Description: An argument from a premise of the form "A preceded B" to a conclusion of the form "A caused B." Simply because one event precedes another event in time does not mean that the first event is the cause of the second event. This argument resembles a fallacy known as a Hasty Generalization.


Description: An argument of the syllogistic form in which there occur four or more terms. In a standard categorical syllogism there are only three terms: a subject, a predicate, and a middle term.


Description: A fallacy when irrelevant material is introduced to the issue being discussed, such that everyone's attention is diverted away from the points being made, and toward a different conclusion. It is not logically valid to divert a chain of reasoning with extraneous points.


Description: To reify something is to convert an abstract concept into a concrete thing. Reification is a Fallacy of Ambiguity. Reification is also sometimes known as a fallacy of "hypostatization".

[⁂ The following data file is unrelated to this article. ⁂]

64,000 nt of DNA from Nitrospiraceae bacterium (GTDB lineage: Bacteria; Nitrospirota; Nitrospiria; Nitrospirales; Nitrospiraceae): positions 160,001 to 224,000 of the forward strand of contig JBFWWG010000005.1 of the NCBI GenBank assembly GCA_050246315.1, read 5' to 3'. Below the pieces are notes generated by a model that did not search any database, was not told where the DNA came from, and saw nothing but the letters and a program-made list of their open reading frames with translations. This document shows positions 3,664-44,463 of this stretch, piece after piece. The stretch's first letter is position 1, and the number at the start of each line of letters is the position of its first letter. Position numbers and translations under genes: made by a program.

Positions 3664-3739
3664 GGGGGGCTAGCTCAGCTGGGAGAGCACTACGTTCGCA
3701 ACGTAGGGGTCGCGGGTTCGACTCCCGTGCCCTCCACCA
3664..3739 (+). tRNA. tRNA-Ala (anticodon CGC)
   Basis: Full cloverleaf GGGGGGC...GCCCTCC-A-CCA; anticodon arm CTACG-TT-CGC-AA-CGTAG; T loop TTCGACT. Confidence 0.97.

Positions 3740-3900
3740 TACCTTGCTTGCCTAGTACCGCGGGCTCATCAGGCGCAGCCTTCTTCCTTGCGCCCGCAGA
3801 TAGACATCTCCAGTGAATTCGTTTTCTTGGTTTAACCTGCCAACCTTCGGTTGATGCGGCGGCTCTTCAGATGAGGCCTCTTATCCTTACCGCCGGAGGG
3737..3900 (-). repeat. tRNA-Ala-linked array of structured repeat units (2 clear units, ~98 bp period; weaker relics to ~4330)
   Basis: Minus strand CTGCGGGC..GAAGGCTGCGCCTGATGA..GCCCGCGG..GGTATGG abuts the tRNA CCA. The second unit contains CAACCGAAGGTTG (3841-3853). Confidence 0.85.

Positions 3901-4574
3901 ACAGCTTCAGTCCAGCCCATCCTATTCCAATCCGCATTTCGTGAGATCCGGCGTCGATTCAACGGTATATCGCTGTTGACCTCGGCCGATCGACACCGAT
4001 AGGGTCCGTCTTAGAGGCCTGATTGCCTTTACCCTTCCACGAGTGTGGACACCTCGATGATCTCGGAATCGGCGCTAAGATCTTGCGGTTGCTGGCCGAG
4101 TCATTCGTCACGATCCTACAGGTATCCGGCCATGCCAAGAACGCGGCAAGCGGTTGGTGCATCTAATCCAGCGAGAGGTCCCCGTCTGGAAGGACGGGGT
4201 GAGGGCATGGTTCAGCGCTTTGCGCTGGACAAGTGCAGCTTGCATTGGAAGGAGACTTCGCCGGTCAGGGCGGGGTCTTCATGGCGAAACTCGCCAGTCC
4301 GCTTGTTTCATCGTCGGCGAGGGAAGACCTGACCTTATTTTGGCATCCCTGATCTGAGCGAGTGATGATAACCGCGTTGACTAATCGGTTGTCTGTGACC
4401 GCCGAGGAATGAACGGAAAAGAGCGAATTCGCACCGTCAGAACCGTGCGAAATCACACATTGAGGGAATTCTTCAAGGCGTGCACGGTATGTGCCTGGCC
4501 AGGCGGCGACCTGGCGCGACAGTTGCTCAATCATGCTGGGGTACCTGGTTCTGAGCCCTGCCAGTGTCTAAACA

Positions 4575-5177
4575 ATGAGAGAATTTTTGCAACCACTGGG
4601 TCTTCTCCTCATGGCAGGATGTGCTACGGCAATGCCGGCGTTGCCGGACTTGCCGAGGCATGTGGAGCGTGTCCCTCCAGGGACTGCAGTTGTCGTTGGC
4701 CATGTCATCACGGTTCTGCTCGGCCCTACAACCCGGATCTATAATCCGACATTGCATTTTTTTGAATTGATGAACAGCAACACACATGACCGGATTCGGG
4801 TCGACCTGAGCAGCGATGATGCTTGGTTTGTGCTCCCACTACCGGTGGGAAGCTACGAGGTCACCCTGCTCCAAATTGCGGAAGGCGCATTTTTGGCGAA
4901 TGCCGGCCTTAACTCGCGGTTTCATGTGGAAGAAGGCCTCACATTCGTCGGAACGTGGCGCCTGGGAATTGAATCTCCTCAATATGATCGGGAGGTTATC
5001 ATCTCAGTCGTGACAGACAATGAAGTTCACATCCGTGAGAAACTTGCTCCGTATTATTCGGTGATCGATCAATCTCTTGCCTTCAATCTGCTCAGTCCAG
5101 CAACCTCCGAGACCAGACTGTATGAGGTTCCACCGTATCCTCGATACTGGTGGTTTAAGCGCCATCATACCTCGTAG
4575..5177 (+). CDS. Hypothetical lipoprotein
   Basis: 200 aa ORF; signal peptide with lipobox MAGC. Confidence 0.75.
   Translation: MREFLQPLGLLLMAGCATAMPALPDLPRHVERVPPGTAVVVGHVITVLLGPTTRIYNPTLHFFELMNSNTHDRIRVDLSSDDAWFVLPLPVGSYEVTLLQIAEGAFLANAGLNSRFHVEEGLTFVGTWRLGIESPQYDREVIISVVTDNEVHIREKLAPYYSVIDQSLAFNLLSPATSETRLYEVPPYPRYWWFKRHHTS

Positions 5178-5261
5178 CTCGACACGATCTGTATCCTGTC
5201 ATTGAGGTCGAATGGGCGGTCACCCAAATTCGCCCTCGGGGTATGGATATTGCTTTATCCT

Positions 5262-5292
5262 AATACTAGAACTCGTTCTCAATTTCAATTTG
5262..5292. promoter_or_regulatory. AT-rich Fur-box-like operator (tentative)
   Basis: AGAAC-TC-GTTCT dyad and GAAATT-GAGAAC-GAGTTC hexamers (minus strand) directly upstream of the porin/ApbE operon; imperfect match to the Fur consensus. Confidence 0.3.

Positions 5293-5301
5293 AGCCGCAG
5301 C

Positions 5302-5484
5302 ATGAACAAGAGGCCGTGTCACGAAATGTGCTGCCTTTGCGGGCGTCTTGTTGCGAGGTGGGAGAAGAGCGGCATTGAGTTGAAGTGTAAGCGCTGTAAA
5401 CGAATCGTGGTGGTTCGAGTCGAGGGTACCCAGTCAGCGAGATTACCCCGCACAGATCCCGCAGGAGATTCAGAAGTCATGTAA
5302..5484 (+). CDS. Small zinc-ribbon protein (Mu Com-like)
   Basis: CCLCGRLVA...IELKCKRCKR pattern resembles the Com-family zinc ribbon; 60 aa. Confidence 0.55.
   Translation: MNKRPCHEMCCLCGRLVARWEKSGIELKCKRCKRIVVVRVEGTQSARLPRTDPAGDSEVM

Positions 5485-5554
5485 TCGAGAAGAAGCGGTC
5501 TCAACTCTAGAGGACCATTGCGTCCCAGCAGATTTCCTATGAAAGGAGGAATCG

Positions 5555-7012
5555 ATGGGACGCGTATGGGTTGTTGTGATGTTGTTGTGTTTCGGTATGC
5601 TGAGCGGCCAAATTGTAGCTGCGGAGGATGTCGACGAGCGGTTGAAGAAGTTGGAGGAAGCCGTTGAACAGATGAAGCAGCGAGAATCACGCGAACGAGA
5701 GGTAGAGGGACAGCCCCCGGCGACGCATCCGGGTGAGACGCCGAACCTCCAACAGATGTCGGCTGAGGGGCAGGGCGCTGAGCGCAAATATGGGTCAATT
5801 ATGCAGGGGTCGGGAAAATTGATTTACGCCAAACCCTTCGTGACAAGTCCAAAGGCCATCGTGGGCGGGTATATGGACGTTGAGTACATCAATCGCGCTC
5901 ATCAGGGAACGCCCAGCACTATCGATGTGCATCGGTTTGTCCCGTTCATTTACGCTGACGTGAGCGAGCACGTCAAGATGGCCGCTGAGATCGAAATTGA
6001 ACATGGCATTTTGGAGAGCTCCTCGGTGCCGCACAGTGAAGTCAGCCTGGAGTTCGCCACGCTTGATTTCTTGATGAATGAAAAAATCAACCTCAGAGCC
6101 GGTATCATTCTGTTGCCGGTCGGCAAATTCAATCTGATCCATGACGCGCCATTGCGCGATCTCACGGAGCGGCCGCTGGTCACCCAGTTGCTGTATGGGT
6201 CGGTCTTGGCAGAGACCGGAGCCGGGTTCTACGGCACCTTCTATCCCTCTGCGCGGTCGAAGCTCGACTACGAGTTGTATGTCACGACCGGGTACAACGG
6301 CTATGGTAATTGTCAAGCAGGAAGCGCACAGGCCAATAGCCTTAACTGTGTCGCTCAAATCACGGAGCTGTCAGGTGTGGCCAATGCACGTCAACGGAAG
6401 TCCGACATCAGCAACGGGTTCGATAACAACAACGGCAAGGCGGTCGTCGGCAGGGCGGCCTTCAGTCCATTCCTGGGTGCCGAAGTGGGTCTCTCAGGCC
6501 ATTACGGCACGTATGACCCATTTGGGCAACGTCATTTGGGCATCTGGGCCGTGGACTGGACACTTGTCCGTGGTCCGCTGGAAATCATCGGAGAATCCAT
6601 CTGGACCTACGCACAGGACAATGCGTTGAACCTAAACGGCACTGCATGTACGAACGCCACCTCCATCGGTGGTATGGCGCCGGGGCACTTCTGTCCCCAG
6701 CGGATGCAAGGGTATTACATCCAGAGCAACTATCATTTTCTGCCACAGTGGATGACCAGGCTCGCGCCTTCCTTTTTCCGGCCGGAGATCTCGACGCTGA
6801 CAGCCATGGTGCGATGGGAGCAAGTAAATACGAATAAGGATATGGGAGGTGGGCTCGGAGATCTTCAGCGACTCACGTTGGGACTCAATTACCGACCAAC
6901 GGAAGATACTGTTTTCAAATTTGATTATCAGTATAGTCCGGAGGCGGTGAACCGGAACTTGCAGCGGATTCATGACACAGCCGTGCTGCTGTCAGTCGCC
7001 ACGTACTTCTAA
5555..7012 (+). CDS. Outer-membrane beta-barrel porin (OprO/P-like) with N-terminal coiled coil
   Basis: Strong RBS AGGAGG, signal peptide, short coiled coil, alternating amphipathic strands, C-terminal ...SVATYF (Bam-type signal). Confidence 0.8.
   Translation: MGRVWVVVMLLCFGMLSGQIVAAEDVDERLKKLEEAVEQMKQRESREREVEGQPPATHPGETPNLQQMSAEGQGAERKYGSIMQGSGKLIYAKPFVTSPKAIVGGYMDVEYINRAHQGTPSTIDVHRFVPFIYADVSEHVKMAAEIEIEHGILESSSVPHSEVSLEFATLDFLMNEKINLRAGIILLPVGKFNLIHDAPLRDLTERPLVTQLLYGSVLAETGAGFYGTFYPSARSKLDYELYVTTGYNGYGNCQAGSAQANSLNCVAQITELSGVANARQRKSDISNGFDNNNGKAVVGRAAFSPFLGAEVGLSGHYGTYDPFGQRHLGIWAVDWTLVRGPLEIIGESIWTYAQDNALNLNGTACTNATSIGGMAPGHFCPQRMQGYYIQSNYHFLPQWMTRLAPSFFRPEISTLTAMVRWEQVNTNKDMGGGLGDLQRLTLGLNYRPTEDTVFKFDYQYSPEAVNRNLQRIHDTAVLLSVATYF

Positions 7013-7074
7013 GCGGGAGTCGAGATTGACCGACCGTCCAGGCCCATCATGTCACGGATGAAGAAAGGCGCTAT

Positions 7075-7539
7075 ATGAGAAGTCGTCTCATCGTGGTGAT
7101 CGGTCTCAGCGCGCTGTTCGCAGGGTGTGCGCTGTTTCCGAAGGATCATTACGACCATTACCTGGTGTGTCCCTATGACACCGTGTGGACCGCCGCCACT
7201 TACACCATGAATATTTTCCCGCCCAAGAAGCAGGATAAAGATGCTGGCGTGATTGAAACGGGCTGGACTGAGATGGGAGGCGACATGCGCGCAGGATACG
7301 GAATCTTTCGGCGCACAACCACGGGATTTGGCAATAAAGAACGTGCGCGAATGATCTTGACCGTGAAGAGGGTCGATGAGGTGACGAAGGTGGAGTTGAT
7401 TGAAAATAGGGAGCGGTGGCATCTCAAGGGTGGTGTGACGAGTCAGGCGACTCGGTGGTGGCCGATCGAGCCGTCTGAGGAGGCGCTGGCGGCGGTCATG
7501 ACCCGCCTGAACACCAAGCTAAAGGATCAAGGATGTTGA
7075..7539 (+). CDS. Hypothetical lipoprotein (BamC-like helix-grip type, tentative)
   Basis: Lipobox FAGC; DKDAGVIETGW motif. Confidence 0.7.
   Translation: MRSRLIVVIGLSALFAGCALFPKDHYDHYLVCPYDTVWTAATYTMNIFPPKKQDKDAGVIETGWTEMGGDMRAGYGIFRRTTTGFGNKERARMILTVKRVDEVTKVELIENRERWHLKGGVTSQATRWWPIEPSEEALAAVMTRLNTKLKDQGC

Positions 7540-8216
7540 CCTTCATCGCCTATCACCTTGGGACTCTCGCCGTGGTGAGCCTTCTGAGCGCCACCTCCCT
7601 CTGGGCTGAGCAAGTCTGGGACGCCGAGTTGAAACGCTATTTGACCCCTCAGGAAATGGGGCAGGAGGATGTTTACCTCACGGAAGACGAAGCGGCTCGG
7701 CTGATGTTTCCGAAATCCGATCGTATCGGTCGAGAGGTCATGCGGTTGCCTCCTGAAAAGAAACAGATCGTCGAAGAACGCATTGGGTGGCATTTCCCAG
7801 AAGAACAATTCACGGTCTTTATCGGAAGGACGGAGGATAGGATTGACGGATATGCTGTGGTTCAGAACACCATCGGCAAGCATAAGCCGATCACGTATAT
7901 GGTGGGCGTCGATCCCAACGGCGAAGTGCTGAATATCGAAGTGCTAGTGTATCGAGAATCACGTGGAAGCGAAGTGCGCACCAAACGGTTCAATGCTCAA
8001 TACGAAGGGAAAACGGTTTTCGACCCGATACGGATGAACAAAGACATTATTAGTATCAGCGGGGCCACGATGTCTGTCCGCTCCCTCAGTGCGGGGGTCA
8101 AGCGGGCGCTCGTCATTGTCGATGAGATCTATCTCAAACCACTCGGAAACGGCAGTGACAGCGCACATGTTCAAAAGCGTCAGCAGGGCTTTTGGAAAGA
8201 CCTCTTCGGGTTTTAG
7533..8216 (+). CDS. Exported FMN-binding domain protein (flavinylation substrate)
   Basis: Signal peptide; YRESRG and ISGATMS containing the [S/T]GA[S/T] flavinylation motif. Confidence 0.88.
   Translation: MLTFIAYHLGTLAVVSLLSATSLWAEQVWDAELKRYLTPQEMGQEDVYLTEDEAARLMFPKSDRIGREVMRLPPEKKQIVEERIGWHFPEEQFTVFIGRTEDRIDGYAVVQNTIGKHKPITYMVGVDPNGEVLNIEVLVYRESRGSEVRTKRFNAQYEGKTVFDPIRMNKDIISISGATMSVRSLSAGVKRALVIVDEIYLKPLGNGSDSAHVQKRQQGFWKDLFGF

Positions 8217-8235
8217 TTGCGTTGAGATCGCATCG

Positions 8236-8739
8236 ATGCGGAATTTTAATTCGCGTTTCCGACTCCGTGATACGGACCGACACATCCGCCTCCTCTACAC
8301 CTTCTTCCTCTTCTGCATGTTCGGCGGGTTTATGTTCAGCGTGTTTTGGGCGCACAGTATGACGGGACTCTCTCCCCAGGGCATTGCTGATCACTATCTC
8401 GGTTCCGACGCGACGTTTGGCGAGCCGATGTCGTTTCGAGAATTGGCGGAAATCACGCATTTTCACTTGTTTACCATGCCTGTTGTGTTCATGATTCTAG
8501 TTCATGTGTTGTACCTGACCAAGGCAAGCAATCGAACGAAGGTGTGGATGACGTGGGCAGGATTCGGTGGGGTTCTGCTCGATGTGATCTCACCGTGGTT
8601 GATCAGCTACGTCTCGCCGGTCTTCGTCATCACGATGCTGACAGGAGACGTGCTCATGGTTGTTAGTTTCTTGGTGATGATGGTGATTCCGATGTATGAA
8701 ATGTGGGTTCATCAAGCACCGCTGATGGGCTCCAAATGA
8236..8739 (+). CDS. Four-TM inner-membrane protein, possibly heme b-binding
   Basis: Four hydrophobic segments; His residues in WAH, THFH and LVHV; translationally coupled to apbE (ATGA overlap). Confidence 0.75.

Description: The burden of proof is always on the person making the assertion or proposition. Shifting the burden of proof, a special case of "argumentum ad ignorantium," is a fallacy of putting the burden of proof on the person who denies or questions the assertion being made. The source of the fallacy is the assumption that something is true unless proven otherwise.


Description: Special pleading is a logical fallacy wherein a double standard is employed by the person making the assertion. Special pleading typically happens when one insists upon less strict treatment for the argument he/she is making than he or she would make when evaluating someone else's arguments.


Description: It is a fallacy to misrepresent someone else's position for the purposes of more easily attacking it, then to knock down that misrepresented position, and then to conclude that the original position has been demolished. It is a fallacy because it fails to deal with the actual arguments that one has made.